Trail of suspicion that leads straight to your dinner table

Conspiracy theorists were able to add a choice specimen to their collections this week. The challenge was to explain how scientists from the Institute of Animal Health, who had run a five-year study to determine whether BSE had got into sheep, could have committed the extraordinary bungle exposed last week, when it was revealed that the brains they had been testing were not from sheep, as they thought, but from cows.

The outcome of this study had crucial implications, not only for human health but also for farming. The Government had already promised that if BSE were found in sheep the entire national flock of 40 million animals would have to be slaughtered.

But it was not only country dwellers who needed some answers. If BSE is in sheep it would be more alarming for consumers even than BSE in cows, given that the infection has been shown experimentally to spread throughout the animal. How convenient, then, that three days before the results were due to be released, one of the biggest scientific cock-ups in living memory was revealed.

A labelling error in the laboratory is the theory being touted for this disaster, but conspiracy theorists have a darker explanation. Did somebody – from the farmers' lobby, the Department of Environment, Food and Rural Affairs or the Government – having been alerted to the finding that BSE was, indeed, in sheep, decide that this was one agricultural catastrophe too far and that the results should be suppressed? How simple to declare that the samples had been mixed up and that all along the scientists had been testing cows' brains instead of sheep's.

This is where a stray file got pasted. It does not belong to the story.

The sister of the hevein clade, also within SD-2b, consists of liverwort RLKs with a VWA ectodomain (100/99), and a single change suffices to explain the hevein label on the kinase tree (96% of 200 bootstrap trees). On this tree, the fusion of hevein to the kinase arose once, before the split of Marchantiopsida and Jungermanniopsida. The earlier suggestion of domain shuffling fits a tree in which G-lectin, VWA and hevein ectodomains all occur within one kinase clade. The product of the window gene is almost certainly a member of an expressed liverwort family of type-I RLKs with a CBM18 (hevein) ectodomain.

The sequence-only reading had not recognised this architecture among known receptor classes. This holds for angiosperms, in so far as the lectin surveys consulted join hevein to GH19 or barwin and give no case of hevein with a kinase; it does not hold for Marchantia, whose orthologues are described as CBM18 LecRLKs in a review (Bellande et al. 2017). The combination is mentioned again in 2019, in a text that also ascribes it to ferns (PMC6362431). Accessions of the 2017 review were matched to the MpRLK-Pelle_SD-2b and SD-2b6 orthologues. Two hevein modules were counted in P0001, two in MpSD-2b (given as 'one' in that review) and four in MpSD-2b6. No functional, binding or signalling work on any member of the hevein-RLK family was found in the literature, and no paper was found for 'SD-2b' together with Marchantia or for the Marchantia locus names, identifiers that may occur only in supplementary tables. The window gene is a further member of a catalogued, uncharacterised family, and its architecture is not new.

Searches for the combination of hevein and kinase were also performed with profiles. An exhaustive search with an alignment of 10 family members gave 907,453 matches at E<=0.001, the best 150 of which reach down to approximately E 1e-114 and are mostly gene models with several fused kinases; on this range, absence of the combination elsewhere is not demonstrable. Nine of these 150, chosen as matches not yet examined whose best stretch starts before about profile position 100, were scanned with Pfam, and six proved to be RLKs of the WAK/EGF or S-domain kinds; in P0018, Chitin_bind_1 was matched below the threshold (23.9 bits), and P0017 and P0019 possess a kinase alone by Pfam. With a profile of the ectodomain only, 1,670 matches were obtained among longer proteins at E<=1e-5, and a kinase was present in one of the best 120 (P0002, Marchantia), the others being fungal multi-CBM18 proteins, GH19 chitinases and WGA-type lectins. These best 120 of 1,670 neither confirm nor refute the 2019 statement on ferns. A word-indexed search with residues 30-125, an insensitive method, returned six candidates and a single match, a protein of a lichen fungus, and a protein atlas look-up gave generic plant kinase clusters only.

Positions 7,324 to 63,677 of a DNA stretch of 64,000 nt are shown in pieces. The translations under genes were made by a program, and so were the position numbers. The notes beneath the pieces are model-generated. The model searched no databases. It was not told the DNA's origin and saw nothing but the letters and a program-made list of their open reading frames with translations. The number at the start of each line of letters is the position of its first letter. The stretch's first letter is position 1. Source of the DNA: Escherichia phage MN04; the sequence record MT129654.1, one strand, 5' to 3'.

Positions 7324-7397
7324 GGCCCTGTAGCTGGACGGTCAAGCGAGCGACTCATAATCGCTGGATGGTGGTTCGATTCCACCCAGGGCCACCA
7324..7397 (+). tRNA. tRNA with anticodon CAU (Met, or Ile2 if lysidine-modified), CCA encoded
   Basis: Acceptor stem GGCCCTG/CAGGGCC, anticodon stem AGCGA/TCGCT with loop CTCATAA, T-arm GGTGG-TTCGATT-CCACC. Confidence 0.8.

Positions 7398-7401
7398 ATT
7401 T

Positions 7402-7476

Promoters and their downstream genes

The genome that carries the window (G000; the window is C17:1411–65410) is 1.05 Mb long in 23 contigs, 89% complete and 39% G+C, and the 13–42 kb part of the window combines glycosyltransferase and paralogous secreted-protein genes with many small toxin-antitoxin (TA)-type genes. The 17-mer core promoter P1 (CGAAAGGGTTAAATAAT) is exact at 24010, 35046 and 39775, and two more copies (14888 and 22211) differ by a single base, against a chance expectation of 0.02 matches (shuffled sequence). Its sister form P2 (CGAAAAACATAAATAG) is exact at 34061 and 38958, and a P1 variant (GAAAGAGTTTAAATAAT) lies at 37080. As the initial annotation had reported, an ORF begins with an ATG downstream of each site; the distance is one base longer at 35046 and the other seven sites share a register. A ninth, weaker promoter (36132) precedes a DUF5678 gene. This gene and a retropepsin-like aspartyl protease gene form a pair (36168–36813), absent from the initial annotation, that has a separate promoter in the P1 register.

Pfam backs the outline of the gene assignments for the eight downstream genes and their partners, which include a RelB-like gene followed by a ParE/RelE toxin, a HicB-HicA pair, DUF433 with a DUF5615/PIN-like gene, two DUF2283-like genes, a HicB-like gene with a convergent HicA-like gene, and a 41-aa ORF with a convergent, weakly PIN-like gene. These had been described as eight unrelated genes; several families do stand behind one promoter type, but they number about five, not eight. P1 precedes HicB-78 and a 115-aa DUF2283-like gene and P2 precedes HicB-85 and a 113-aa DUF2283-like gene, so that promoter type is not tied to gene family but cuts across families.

If that sounds far-fetched, there is another conspiracy involving farming practices that is all too real – a conspiracy of inaction. This has to do with the practice of routinely dosing animals with antibiotics as growth promoters in their feed. It is not too far-fetched to say that this kind of bio-warfare down on the farm poses a potential threat to human health on the scale of BSE.

A report last week in the New England Journal of Medicine pointed up the danger. Researchers who tested samples of ground meat – chicken, turkey, beef and pork – bought in supermarkets in the Washington DC area of the United States found one in five infected with salmonella, the food-poisoning bacterium.

This is not so serious, you might think, as salmonella is destroyed in cooking and so ought to pose a threat only to lovers of steak tartare. But the alarming finding was that 84 per cent of the samples of salmonella isolated were resistant to at least one antibiotic, and half were resistant to three or more antibiotics.

Two studies in the same issue of the Journal drive the message home. The first shows that strains of bacteria resistant to a new antibiotic, licensed for use only two years ago, are present in the animal and human populations as a result of decades of using a similar drug in animals. The second shows that these resistant strains can theoretically be transmitted from person to person. The threat could not be clearer. With the world facing a new era of biological warfare, anti-biotics are almost our only defence. It is critical that nothing is done to weaken that. Yet decade after decade, farming practices have done exactly that, in both the US and the UK.

Cases of patients infected with "superbugs" resistant to most known antibiotics are surfacing with increasing regularity in hospitals in the UK and abroad. The Public Health Laboratory Service in the UK has been calling for five years for a ban on the use in animals of quinolones, the newest class of antibiotics, to ensure that the most powerful drugs were reserved for human use.

In an editorial this week, the New England Journal repeats a demand it made two years ago for a ban on the routine use of antibiotics as growth promoters in animals. So far these demands have fallen on deaf ears. We cannot afford to ignore them any longer.